Technology has the potential to transform higher education, as MOOCs and online content become widely available. University students seeking to learn a topic who now have little if any choice are about to be presented with a vast array of choices. What student would not want to swap a tired professor writing slowly on a chalkboard for a well-produced series of videos and associated content, given by a world leader in the field? We are on the verge of a transformation on the scale of the transformation wrought by Gutenburg. This imminent change raises a host of fascinating and far-reaching questions.
Despite such rhetoric, most professors are still teaching in virtually the same way they were taught and their teachers were taught, stretching back decades. Students attend large live lectures, do assigned readings in a textbook, perhaps meet in small groups with teaching assistants, complete weekly assignments, and take exams. There is little consensus on what might replace this model, broadly.
The classic tradition of a university course involved a professor “writing” a lecture and then delivering it (often just reading it). In the 20th century, particularly in the US, a much more efficient method of disseminating knowledge evolved, where the most successful “courses” evolved into textbooks, which could be adopted by teacher and learners at other institutions. In the 21st century, we can do much, much, more.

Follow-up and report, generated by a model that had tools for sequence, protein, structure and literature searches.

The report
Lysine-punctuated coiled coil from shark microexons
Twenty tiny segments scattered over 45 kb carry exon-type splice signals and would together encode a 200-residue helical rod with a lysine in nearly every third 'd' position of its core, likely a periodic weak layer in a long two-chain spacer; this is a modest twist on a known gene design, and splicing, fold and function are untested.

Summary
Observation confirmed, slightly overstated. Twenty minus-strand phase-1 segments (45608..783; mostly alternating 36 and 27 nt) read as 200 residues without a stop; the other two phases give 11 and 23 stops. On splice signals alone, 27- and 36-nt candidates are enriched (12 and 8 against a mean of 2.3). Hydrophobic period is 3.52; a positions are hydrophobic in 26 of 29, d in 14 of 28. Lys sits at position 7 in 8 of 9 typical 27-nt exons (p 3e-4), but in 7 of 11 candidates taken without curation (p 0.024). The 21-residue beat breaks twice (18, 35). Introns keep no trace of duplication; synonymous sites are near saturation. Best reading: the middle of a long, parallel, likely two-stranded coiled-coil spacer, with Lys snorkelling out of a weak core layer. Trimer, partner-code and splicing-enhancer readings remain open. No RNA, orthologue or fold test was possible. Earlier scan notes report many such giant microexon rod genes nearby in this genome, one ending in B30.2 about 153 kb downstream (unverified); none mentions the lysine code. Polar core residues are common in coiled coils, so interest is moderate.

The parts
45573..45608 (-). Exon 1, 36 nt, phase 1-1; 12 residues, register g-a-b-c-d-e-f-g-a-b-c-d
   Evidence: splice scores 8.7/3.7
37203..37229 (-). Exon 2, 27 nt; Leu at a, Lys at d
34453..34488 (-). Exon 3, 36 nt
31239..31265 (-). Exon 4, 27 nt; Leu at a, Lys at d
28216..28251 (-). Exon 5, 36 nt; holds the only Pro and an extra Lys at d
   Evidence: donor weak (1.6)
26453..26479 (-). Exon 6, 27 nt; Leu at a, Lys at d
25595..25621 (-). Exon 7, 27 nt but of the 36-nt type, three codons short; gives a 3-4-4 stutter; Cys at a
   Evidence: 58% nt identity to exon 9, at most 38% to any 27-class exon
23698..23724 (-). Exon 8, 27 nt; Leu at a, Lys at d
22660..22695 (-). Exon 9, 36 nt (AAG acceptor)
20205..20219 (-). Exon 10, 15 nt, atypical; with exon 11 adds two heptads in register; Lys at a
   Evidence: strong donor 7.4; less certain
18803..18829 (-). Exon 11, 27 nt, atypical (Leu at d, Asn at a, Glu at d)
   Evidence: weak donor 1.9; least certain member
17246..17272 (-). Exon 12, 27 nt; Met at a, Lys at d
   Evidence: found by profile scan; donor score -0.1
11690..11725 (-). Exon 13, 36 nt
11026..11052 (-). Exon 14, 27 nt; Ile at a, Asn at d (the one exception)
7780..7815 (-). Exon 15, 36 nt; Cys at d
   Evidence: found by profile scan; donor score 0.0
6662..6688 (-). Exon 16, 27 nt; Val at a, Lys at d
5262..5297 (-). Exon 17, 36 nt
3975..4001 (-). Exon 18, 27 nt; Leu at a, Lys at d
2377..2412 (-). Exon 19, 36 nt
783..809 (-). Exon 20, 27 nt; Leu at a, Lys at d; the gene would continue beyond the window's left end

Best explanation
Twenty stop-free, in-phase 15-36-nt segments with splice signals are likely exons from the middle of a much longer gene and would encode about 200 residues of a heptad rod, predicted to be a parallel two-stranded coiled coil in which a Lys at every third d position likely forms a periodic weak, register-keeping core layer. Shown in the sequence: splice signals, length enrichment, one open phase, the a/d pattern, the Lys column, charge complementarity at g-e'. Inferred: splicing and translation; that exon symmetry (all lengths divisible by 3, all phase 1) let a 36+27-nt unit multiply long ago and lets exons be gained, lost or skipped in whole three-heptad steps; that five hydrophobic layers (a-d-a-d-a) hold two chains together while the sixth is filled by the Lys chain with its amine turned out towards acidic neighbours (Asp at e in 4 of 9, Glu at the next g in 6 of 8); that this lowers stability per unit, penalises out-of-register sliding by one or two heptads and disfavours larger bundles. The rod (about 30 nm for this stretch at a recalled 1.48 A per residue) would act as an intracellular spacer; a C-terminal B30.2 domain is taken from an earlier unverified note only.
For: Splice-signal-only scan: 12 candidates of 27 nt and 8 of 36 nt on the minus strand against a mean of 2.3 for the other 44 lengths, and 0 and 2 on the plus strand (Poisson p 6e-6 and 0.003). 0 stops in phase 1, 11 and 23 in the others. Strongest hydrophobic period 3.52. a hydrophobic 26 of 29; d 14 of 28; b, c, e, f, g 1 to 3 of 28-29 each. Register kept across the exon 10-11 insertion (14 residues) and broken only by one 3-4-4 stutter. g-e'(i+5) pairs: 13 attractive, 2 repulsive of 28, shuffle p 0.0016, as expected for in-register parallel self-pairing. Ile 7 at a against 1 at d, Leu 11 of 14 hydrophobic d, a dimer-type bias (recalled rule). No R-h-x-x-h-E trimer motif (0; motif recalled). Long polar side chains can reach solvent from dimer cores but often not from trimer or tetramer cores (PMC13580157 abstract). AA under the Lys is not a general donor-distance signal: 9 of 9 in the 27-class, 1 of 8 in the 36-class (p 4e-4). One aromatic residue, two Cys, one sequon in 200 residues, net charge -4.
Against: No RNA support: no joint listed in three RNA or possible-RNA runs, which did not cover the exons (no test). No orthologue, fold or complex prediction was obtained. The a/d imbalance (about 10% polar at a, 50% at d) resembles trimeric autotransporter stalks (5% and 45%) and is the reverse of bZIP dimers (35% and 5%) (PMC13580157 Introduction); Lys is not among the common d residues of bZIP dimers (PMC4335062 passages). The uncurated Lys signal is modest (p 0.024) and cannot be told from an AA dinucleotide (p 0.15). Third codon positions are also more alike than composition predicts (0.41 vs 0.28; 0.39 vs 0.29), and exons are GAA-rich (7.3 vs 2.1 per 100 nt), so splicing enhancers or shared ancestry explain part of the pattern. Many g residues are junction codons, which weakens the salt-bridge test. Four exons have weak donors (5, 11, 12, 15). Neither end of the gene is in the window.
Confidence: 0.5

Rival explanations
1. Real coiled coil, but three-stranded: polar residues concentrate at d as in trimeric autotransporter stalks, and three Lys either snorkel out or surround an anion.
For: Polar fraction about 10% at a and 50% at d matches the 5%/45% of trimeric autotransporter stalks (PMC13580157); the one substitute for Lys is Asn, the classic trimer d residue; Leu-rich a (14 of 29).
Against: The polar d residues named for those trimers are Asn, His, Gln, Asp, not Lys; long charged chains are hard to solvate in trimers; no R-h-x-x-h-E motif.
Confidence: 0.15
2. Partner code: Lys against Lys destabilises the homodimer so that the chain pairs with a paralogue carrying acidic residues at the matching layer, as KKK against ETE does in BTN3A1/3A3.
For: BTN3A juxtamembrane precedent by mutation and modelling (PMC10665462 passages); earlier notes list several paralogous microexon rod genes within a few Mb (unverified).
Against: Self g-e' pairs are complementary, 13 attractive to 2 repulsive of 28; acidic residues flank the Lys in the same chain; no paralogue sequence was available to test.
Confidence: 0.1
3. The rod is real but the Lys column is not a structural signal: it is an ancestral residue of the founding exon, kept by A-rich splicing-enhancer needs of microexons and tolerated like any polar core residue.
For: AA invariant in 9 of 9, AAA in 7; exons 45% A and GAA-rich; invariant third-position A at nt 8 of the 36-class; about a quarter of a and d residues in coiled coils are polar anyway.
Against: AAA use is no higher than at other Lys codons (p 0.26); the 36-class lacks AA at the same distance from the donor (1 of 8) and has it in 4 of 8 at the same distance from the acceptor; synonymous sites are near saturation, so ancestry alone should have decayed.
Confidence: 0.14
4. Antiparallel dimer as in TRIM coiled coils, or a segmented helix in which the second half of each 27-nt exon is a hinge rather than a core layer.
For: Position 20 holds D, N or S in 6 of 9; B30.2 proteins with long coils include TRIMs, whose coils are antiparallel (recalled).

In this talk, we describe a scalable model for teaching and learning that has already enabled us to reach millions of teachers and learners around the world. The central idea is to enable other educators to “adopt” and curate online content in much the same way as they now do with textbooks. Teachers assign reading in an authoritative textbook as before, but, instead of delivering live lectures, they assign lecture videos associated with the textbook. Moreover, they make use of extensive supplementary content associated with the textbook, including online assessments (with crowdsourced feedback and automatic grading). Teachers concentrate on choosing what they want their students to learn and on preparing them for success in doing so. The approach has proven to be an efficient and effective educational experience for both teachers and learners.
Moderator: Vignesh Rajendran